Zubin Mehta and the Israel Philharmonic Orchestra took Carnegie Hall by storm on October 25, 2012. Joined by Thomas Hampson, cantor Carl Hieger, The Collegiate Chorale, and The Manhattan Girls Chorus, this reverential concert included a fantastic Mendelssohn concerto with the phenomenally talented Yuja Wang.
The evening originally began life as a Brahms concert with a piece by Hindemith, but hot on the heals of the orchestra’s success at the Salzburg Festival in July, they quickly made the change to include Schoenberg’s Kol Nidre and Noam Sheriff’s Mechaye Hametim (“Revival of the Dead”). However, they kept the second piece as the Mendelssohn. After our pianist finished, she was met by such thunderous applause that she returned to the stage to perform encores. The first of which was Rossini’s Largo al factotum. One wonders if she chose this because of its history with our baritone soloist. In any case, it was quite the crowd pleaser and prompted her to return for a second encore.
First on the bill was Schonbergs’ Kol Nidre. The piece is a choral piece with an announcer reciting text that deals with the Jewish holiday Yom Kippur. Thomas Hampson took the roll of speaker in this piece. Even if you’ve never heard Mr. Hampson, one could infer his talent would be of the highest quality just by listening to him speak. One could not help but be taken by its poetry, speaking with fluid musicality, breathing as such as well. This piece perfectly set the tone for the final piece which was a commemoration of the Holocaust.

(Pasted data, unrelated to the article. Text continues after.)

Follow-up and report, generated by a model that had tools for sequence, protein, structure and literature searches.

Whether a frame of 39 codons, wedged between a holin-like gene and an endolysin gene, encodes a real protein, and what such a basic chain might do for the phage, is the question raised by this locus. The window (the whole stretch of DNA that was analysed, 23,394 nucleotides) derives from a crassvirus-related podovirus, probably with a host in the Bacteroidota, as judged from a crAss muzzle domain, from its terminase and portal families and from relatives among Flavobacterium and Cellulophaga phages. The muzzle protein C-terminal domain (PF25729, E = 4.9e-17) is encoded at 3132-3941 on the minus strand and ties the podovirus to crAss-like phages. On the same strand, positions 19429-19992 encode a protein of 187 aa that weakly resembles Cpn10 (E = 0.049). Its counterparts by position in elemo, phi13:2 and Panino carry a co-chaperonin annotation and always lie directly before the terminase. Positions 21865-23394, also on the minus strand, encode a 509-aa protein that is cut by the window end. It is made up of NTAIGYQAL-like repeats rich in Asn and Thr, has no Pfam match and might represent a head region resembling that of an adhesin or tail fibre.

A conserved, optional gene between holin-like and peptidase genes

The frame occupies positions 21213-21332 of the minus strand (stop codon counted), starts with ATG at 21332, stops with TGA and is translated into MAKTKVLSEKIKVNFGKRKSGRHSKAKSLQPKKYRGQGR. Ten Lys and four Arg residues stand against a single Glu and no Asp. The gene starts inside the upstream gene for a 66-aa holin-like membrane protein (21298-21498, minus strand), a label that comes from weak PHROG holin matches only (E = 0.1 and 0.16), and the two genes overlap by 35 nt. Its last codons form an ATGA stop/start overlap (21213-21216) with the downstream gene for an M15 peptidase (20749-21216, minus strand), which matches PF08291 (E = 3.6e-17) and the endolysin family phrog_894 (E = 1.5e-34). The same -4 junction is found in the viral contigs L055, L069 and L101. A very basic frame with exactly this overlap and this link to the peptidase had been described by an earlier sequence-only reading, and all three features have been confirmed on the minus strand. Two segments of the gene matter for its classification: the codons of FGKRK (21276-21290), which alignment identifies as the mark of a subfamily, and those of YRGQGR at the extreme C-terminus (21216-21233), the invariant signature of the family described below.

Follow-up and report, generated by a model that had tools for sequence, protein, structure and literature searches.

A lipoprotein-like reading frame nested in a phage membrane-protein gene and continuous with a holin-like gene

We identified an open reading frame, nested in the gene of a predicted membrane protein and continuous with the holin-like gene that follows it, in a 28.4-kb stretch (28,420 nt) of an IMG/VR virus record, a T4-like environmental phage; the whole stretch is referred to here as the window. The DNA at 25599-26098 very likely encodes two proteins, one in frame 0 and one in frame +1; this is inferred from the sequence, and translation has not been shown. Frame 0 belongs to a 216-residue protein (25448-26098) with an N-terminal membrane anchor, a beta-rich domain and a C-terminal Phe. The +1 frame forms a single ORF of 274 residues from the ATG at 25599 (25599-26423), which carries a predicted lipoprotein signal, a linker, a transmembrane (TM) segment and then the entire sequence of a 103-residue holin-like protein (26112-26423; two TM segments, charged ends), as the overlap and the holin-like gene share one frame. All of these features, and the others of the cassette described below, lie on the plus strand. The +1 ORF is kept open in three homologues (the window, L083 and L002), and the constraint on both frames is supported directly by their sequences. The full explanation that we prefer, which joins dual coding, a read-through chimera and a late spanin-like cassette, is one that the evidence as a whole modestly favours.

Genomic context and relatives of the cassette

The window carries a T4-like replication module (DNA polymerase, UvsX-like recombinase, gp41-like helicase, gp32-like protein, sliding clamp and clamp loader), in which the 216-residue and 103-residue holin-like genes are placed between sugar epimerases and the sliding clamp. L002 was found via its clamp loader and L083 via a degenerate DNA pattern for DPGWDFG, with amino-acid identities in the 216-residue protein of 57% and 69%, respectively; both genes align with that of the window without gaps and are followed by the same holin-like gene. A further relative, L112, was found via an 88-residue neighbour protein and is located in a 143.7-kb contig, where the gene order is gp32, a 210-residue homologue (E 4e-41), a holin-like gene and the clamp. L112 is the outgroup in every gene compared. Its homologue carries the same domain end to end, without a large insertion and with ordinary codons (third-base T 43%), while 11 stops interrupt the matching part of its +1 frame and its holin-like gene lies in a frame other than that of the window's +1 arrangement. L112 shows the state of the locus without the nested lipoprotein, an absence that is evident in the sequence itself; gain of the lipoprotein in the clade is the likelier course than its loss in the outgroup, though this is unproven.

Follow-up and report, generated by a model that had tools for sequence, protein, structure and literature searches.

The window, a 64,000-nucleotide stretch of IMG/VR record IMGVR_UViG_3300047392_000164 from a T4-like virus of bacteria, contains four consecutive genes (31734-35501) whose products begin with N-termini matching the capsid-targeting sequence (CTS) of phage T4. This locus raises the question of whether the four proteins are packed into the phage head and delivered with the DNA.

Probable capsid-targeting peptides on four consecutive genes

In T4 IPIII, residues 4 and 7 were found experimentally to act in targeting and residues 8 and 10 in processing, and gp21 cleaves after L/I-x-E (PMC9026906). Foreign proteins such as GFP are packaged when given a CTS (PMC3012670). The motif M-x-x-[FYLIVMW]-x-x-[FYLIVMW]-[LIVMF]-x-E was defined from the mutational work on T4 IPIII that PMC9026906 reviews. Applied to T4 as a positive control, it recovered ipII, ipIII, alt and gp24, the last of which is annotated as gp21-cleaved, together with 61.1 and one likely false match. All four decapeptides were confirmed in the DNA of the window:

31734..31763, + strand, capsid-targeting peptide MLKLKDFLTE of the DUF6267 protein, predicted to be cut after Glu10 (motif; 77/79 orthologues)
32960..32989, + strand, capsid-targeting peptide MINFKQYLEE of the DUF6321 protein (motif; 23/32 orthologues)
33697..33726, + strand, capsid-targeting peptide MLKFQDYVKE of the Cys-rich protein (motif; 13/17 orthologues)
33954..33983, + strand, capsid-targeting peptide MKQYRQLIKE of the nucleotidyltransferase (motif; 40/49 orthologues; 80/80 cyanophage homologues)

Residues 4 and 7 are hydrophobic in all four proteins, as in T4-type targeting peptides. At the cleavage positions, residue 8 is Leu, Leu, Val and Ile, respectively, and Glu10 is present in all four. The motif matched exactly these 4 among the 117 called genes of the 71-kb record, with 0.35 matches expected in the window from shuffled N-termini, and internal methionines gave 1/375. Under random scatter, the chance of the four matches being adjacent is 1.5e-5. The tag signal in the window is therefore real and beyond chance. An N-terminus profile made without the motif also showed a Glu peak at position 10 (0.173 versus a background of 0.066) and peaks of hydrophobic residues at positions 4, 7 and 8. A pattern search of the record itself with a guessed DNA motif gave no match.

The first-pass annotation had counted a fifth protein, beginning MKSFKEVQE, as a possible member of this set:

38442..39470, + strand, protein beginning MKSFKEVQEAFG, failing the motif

Sung entirely in Yiddish and Hebrew, Noam Sheriff’s Machaye Hametim is almost a requiem for the millions who were murdered during the Holocaust. Mr. Sheriff was commissioned by Bernard Bronkhorst, a Dutch-born Jewish patron of Jewish arts, to serve as a monument to the victims of the Holocaust. The first moment was titled Jewish Life in the Diaspora (until the Holocaust). Our children’s chorus of girls sang with sweet optimism, setting up an ephemeral sense of hope. Of course, history finishes that story, and the second movement entitled The Holocaust is where the fire and brimstone really comes through in the music. This movement in particular was a rushing torrent of musical turmoil that was, at times, a bit difficult to listen to. Only because we know exactly what each minor note stands for and the pain behind it.
Mr. Hampson had never sounded so rich in this piece. He is currently staring in Lyric Opera of Chicago’s production of Simon Boccanegra, which makes this appearance that more special. The tenor soloist, Car Hieger, had a voice that was best suited for this music. He had such a sweet lilting, keening voice that brought the story to life in a very real way, bursting out with a cry at one point. The Collegiate Chorale added great drama in the piece as the vocal backdrop.
After about 45 minutes of emotional, heavy music, we’re finally allowed to bask in major keys and exalt in a joyous and optimistic, “Hallelujah! Hallelujah! Hallelujah!”
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